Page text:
Saturday, January 15, 2011

The 'bin Laden' of marginalisation

The real terror eating away at the Arab world is socio-economic marginalisation.


By Larbi Sadiki

"Conventional wisdom has it that 'terror' in the Arab world is monopolised by al-Qaeda in its various incarnations. There may be some truth in this.

However, this is a limited viewpoint. Regimes in countries like Tunisia and Algeria have been arming and training security apparatuses to fight Osama bin Laden. But they were caught unawares by the 'bin Laden within': the terror of marginalisation for the millions of educated youth who make up a large portion of the region's population.

The winds of uncertainty blowing in the Arab west - the Maghreb - threaten to blow eastwards towards the Levant as the marginalised issue the fatalistic scream of despair to be given freedom and bread or death......

The 'bread compact'
For Tunisia, Algeria, Jordan and Egypt, the impoverished Arab states, in need of the liquidity of Euro-American and International Misery Fund aid, infitah (open-door policy) was the only blueprint of forward economic management. Within its bosom are bred greed, land grab, corruption, monopoly and the new entrepreneurial classes who exchange loyalty and patronage with the political masters as well as the banknotes and concessions with which both fund flash lifestyles.

Thus the map of distribution was gerrymandered at the expense of the have-nots who are placated with insufficient micro credits or ill-managed national development funds. The crumbs - whatever subsidies are allowed by the new economic order built on the pillars of privatisation, the absence of social safety nets and economic protectionism - delay disaffection but never eliminate it.

Below the surface the pent-up anger of the marginals simmers.

'Tis the season of 'bread intifadas'

The 'khobzistes' have returned. At home they are marginals; abroad, they are largely persona non grata for being born in the wrong geography, inheriting the perfect genes for 'profiling' and being too culturally challenged for some European assimilationists. Their only added value is as objects of social dumping in capitalism's sweat shops.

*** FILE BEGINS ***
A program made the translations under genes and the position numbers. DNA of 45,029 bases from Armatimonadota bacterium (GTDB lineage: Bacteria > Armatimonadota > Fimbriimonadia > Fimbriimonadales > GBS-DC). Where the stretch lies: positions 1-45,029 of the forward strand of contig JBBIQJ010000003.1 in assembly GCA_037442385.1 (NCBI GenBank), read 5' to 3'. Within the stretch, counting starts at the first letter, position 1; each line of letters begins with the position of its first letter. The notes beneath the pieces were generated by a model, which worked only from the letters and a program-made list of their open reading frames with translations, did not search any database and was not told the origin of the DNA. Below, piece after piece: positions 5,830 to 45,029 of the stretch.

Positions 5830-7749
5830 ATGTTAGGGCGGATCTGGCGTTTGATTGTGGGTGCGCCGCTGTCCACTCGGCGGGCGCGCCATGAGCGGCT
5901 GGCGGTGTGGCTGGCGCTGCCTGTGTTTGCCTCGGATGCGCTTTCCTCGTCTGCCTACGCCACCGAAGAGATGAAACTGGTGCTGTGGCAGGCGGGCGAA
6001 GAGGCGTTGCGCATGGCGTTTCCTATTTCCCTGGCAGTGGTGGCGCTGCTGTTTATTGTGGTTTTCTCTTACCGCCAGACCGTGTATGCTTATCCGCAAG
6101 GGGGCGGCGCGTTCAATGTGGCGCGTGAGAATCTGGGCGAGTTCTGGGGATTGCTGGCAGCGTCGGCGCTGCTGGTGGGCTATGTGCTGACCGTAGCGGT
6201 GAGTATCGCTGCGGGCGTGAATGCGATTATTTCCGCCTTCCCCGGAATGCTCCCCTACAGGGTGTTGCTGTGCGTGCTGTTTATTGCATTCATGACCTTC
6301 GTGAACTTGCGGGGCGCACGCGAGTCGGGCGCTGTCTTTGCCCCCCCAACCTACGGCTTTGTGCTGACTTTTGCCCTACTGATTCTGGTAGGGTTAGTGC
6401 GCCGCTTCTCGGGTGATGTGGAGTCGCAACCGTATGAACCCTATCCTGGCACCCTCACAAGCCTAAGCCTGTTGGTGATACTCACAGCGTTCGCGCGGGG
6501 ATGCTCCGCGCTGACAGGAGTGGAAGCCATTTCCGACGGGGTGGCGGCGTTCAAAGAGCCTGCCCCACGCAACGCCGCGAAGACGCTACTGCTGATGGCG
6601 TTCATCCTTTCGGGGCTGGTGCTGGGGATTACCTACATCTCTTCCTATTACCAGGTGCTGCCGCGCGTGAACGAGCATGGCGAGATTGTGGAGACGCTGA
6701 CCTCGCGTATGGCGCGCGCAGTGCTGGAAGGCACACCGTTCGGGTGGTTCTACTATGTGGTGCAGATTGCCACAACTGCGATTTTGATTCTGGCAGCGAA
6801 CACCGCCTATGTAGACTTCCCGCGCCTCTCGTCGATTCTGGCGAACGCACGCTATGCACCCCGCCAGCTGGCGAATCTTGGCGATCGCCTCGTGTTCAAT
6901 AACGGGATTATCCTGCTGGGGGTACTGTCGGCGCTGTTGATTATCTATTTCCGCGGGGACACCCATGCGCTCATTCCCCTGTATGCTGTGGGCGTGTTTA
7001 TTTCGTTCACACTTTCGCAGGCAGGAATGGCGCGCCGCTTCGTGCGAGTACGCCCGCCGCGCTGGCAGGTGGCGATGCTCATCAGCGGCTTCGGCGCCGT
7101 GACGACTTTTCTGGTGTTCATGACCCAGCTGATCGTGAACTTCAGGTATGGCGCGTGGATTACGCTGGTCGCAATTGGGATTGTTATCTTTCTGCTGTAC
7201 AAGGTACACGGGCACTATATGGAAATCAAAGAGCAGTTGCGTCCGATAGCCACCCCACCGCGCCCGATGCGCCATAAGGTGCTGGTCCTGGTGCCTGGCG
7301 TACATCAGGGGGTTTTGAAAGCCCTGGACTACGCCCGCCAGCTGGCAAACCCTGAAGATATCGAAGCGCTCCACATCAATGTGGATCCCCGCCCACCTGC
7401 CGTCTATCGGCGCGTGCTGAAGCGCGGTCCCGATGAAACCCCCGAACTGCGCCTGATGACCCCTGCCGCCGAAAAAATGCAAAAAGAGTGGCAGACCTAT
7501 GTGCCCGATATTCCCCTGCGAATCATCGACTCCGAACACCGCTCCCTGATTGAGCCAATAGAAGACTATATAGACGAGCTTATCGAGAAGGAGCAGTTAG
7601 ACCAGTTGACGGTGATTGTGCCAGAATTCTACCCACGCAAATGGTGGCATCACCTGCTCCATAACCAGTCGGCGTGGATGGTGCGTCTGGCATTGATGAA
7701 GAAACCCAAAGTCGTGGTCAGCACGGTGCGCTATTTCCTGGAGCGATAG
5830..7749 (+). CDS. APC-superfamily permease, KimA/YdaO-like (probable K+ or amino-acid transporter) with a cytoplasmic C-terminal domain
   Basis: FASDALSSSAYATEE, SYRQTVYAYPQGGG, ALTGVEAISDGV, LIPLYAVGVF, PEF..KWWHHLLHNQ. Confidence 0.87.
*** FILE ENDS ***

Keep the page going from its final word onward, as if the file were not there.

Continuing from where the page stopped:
Potentially, they are the fodder of chaos in the absence of social justice....

The 'geography of hunger'

In Frantz Fanon's The Wretched of the Earth one finds resonance with the misery engulfing Tunisia and Algeria today, where the have-nots, or the mahrumin, and the khobzistes strike back at the state and target its symbols. They fight back and thus "struggle ... and with their shrunken bellies [and humiliated egos] outline of the geography of hunger".

In this geography of hunger and marginalisation, the ruling native becomes the new coloniser. By contrast to the have-nots, the ruling natives and the economic 'mafias' are sheltered not only in mansions and villas, but also within 'a hard shell' that immures them from the "poverty that surrounds" them.

In The Wretched of the Earth one reads about the "poor, underdeveloped countries, where the rule is that the greatest wealth is surrounded by the greatest poverty".

To map out the "geography of hunger" is not complete without marking out the geography of authoritarianism. In both Algeria and Tunisia, the big interests and profiteers supporting Bouteflika and Ben Ali seem to fulfill Fanon's prophecy about corruption "sooner or later" making leaders "men of straw in the hands of the army ... immobilising and terrorising". It is the security forces and the army that run the show in both countries.

, the ideologue of the Algerian revolution, is probably turning in his grave at the thought that a country of "one million martyrs" sacrificed for independence is today battling for new freedoms from housing shortages, rising food prices, autocracy and overall marginalisation.

The figures construct on paper stories of growth and stability that are not matched by the reality of marginalisation.

For how long republics of paper and men of straw can withstand the hell-fire of the Algerian and Tunisian eruptions fuelled by marginalisation remains to be seen. What is certain, however, is that the beginnings of a 'Tunisian democratic spring' are in the offing."

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